The Senate Filibuster & Democracy

A classroom activity has students simulate a US Senate filibuster. Two student readings then explore the Senate's less-than-democratic 60-vote rule and possible methods for reforming it. Discussion questions, writing and citizenship activities follow.

To the Teacher:

Many Americans have become aware that "the world's greatest deliberative body," the U.S. Senate, has gradually been slowed to a crawl and, at times, to a complete halt. The Senate is frequently unable to pass legislation or approve appointments because of the filibuster: Passing virtually anything controversial—for instance, the recent health insurance bill—often takes 60 votes.

The introductory exercise below simulates a Senate filibuster to help students get a feel for this legislative-delaying device. The first student reading that follows discusses several ways in which the majority does not rule in the American system of government and examines the role of the filibuster in the Senate's recent lengthy stalemate over health insurance reform. The second reading considers the origins and development of the Senate filibuster and possible methods for reforming it. Discussion questions, writing and citizenship activities, and a reexamination of the outcome of the introductory simulation follow.


Introductory exercise:

A simulated Senate filibuster

In this exercise, the class will simulate the US Senate, debating an issue (a "bill") and voting on it (or, in this case, not voting on it). You might consider one of two issues to debate: 1) have the class consider changing one of the class rules or creating a new one, or 2) have the class consider one law they would want to pass if they were in the US Senate.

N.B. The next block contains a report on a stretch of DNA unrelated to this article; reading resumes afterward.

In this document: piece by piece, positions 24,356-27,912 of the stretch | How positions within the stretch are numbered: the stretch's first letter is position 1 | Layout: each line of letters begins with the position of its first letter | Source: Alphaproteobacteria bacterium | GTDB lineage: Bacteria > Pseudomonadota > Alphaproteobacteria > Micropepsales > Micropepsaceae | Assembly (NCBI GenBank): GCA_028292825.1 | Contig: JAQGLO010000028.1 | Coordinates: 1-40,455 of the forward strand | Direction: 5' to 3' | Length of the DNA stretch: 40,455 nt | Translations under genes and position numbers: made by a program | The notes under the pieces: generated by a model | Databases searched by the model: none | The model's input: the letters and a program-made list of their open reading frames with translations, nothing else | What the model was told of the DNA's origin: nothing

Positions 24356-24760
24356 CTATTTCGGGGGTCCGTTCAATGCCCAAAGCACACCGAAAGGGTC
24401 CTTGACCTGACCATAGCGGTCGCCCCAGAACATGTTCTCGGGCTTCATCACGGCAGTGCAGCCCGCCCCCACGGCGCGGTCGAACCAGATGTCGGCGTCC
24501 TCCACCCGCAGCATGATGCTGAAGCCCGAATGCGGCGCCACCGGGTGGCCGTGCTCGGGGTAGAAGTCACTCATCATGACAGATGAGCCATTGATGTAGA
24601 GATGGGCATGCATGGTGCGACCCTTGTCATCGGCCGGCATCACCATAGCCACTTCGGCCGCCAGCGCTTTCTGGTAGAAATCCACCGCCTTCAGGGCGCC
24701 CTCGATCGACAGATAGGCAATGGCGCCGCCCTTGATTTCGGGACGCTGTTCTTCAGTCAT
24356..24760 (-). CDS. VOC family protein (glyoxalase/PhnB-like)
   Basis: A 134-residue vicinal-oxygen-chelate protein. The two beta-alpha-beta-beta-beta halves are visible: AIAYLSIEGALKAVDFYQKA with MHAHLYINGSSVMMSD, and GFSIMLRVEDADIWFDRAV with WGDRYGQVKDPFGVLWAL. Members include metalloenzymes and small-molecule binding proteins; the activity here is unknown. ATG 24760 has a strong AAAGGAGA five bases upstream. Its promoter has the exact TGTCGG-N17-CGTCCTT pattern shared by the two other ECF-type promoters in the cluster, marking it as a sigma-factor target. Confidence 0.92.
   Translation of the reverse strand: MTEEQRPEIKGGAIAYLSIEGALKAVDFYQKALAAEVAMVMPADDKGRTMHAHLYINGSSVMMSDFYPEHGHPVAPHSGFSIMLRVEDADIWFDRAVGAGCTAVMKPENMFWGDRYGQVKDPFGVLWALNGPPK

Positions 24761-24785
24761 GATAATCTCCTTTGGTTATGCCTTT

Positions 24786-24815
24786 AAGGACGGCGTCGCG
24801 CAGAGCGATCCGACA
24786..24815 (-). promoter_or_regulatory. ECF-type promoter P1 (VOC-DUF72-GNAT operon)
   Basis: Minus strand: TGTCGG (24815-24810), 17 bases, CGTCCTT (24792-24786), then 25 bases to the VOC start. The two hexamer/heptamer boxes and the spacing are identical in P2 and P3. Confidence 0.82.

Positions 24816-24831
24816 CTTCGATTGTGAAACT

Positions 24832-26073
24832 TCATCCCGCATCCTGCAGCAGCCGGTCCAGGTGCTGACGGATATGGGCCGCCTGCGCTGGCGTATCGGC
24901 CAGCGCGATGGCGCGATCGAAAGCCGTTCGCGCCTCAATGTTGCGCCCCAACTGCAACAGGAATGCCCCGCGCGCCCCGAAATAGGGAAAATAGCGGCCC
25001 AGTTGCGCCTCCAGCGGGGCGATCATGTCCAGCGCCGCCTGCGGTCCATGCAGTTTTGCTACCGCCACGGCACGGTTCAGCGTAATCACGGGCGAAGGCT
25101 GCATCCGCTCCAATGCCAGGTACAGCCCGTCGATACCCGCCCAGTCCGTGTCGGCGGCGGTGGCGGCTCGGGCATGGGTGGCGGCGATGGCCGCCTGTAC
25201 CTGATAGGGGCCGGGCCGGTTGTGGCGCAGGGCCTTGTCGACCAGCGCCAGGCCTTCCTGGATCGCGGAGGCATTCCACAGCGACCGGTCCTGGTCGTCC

Unbeknownst to a majority of the students, you will instruct a cloture-proof minority of students (exactly two-fifths of the class plus one), to oppose closing debate on the issue. As a result, the measure will never come to a vote. You might either have a whispered caucus with these students before the debate begins, or give them written instructions that they are not to share with their classmates. Tell them that their instructions are to be kept a secret from the other students.

In your verbal or written message to the "filibustering" students, explain that in the class discussion, they must either remain silent about, or state their opposition to whatever rule change or new law the class is debating. Explain that at a certain point, you will call for a cloture vote (a vote to end debate) - and these students must vote against cloture and against ending the debate—thus killing the proposal.